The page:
The Bond Between Us : Claire Cameron and Barbara Gowdy in conversation

Claire Cameron and Barbara Gowdy inspired knowing smiles, laughter, and a spirit of contemplation in their captivated audience on the festival’s second evening, celebrating women in writing. CBC’s Alan Neal guided a delightfully meandering, dance-like conversation between the two beloved Canadian novelists, whose disparate backgrounds and approaches to their art nonetheless resulted in works that summoned similar questions and themes.


Cameron, best-selling author of The Bear and staff writer at The Millions, instantly endeared us to her with her honesty about her writing struggles and her outspoken admiration for Gowdy, an internationally acclaimed and award-winning novelist and short story writer, whose The White Bone reenergized Cameron’s commitment to her latest novel, The Last Neanderthal, and inspired its opening line. Cameron mused that in a way she sees herself as a “chip off Gowdy’s block.” That sentiment, in fact, became a strong theme of the evening: how are we shaped by our experiences, the people we encounter, and, most mysteriously, those we may never meet? And is this method of self-discovery via ‘other’ perhaps a way of responding to the Delphic maxim, “know thyself,” to which Gowdy made reference?


By nature, we seek belonging, the sense of inclusion a family provides, and so we embrace and cling to the familiar; in the path of discovery, it is necessary to make distinctions, to allow the mind to both separate and unite, and thus it is important to seek out the unfamiliar, as Cameron and Gowdy challenge us to do. In their novels, both women take us to the limits of this possibility, to not just the unfamiliar, but to the never-truly-knowable.  Both Cameron and Gowdy write about women who develop a fascination with another woman whom they will never meet. In Cameron’s novel, the object of fascination is a Neanderthal separated by millennia, while Gowdy imagines, in Little Sister, a world where the female protagonist supernaturally enters the body of an unknown woman, whose physical and emotional states she is permitted to share. And when it comes to self-knowledge, as both women reflected, this is all the more necessary. As Cameron spoke for all for us, “It is easier to know someone else. It is hard to be self-aware.” Encounters with others will little by little reveal aspects of ourselves, shape who we are, or directly inform us, if we are but willing to listen and be moved. Gowdy comically illustrated this when she interjected to provide the psychology behind Cameron’s confessed taste for the macabre by suggesting that her relationship with her even-tempered, relaxed, Californian husband liberated her to explore places that perhaps one with a brooding and dark New Yorker could not. Cameron agreed.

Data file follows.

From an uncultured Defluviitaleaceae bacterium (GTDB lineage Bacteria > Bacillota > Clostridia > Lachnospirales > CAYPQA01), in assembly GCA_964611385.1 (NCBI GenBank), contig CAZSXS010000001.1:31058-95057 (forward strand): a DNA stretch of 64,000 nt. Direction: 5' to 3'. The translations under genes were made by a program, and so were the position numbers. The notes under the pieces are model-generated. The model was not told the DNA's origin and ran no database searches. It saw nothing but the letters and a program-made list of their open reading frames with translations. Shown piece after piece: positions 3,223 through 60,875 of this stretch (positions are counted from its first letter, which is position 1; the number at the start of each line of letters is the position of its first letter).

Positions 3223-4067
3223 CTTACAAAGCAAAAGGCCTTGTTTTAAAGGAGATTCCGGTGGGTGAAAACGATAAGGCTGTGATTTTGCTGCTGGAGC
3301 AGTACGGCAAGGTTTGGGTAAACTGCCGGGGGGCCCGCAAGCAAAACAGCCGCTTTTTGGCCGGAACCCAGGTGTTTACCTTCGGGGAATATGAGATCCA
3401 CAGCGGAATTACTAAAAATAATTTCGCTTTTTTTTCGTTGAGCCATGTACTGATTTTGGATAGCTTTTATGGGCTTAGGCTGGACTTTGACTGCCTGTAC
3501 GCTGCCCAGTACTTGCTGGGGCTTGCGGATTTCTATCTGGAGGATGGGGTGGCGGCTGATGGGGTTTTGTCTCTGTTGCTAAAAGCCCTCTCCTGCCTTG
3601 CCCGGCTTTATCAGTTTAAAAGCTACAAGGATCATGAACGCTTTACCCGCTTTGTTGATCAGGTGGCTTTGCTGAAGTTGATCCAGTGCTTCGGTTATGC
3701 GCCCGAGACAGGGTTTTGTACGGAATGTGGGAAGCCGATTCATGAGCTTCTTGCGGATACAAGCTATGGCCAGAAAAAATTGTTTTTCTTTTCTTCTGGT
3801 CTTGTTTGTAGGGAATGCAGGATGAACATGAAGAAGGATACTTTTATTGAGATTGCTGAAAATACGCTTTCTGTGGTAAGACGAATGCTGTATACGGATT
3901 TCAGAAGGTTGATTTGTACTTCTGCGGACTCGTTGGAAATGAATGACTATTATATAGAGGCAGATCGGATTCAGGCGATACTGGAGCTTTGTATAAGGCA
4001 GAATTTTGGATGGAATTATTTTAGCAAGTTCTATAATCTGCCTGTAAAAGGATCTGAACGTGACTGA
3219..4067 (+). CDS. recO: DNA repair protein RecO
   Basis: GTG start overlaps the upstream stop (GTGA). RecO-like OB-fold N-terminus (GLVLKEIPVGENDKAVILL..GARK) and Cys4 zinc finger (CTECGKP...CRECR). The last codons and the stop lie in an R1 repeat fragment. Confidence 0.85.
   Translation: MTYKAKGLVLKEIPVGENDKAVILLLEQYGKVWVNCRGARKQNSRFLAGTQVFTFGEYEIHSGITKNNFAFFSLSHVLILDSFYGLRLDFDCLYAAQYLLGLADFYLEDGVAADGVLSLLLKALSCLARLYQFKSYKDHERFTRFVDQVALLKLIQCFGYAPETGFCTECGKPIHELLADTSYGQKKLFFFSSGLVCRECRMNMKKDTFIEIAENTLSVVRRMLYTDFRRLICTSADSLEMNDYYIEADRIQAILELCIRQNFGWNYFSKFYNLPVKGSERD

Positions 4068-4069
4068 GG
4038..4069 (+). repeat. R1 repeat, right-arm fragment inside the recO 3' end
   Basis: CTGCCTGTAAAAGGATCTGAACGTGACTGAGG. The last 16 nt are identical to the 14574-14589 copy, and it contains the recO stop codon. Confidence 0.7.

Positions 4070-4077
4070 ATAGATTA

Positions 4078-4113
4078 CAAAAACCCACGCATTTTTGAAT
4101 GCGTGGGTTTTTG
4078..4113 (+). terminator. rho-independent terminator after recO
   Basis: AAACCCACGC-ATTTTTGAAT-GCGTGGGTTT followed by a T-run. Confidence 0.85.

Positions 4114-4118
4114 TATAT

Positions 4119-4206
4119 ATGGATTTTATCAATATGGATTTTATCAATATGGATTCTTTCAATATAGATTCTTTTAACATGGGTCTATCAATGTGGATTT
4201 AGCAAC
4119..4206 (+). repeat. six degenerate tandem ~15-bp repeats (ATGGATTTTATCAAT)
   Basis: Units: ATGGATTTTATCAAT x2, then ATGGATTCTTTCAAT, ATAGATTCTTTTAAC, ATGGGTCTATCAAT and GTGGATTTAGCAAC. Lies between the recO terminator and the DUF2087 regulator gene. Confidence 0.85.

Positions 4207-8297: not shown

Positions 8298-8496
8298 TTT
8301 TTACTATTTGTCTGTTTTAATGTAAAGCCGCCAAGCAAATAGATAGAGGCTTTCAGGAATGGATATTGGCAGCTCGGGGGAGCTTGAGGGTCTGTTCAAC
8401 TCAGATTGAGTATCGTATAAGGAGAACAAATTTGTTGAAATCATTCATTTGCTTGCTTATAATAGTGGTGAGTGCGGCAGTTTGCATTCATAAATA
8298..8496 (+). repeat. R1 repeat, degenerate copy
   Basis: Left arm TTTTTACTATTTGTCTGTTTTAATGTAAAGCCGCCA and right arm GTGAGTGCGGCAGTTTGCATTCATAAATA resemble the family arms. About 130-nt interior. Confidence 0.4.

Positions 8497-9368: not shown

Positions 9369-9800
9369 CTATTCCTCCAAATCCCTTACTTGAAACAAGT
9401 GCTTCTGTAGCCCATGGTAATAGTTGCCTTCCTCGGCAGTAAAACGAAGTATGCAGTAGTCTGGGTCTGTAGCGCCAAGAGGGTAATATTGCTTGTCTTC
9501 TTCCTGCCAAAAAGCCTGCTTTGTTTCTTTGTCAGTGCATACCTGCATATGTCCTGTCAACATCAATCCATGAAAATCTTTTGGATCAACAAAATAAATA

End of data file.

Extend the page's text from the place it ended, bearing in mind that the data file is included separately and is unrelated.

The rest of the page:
Flannery O’Connor, the great short story writer of the 20th century, claimed that “the type of mind that can understand good fiction is not necessarily the educated mind, but it is at all times the kind of mind that is willing to have its sense of mystery deepened by contact with reality, and its sense of reality deepened by contact with mystery.” If this is true, then a fortiori, fiction writers must be willing to do the same. The interplay of reality and mystery is woven into both story lines with a foreign faraway world at the characters’ fingertips, as in Gowdy’s line “the farthest thing you can imagine is closer than you think.” But it was above all a treat to hear about the reality of the authors’ own lives, most notably their fondness for nature and wildlife, and how their daily experiences guided them to ask the bigger questions, such as what it means to be human, what true empathy is, and what the bonds are that unite us. In the end, these celebrated women leave us with an impression of what they personally hold most dear.  After recounting pieces of her career and personal life, Gowdy, who enchanted the audience with her regal presence and old-soul wisdom, reflected, “what seems to matter way more now is the people I love,” harmonizing with a line in Cameron’s latest novel, “It is the things that don’t fossilize that matter the most.”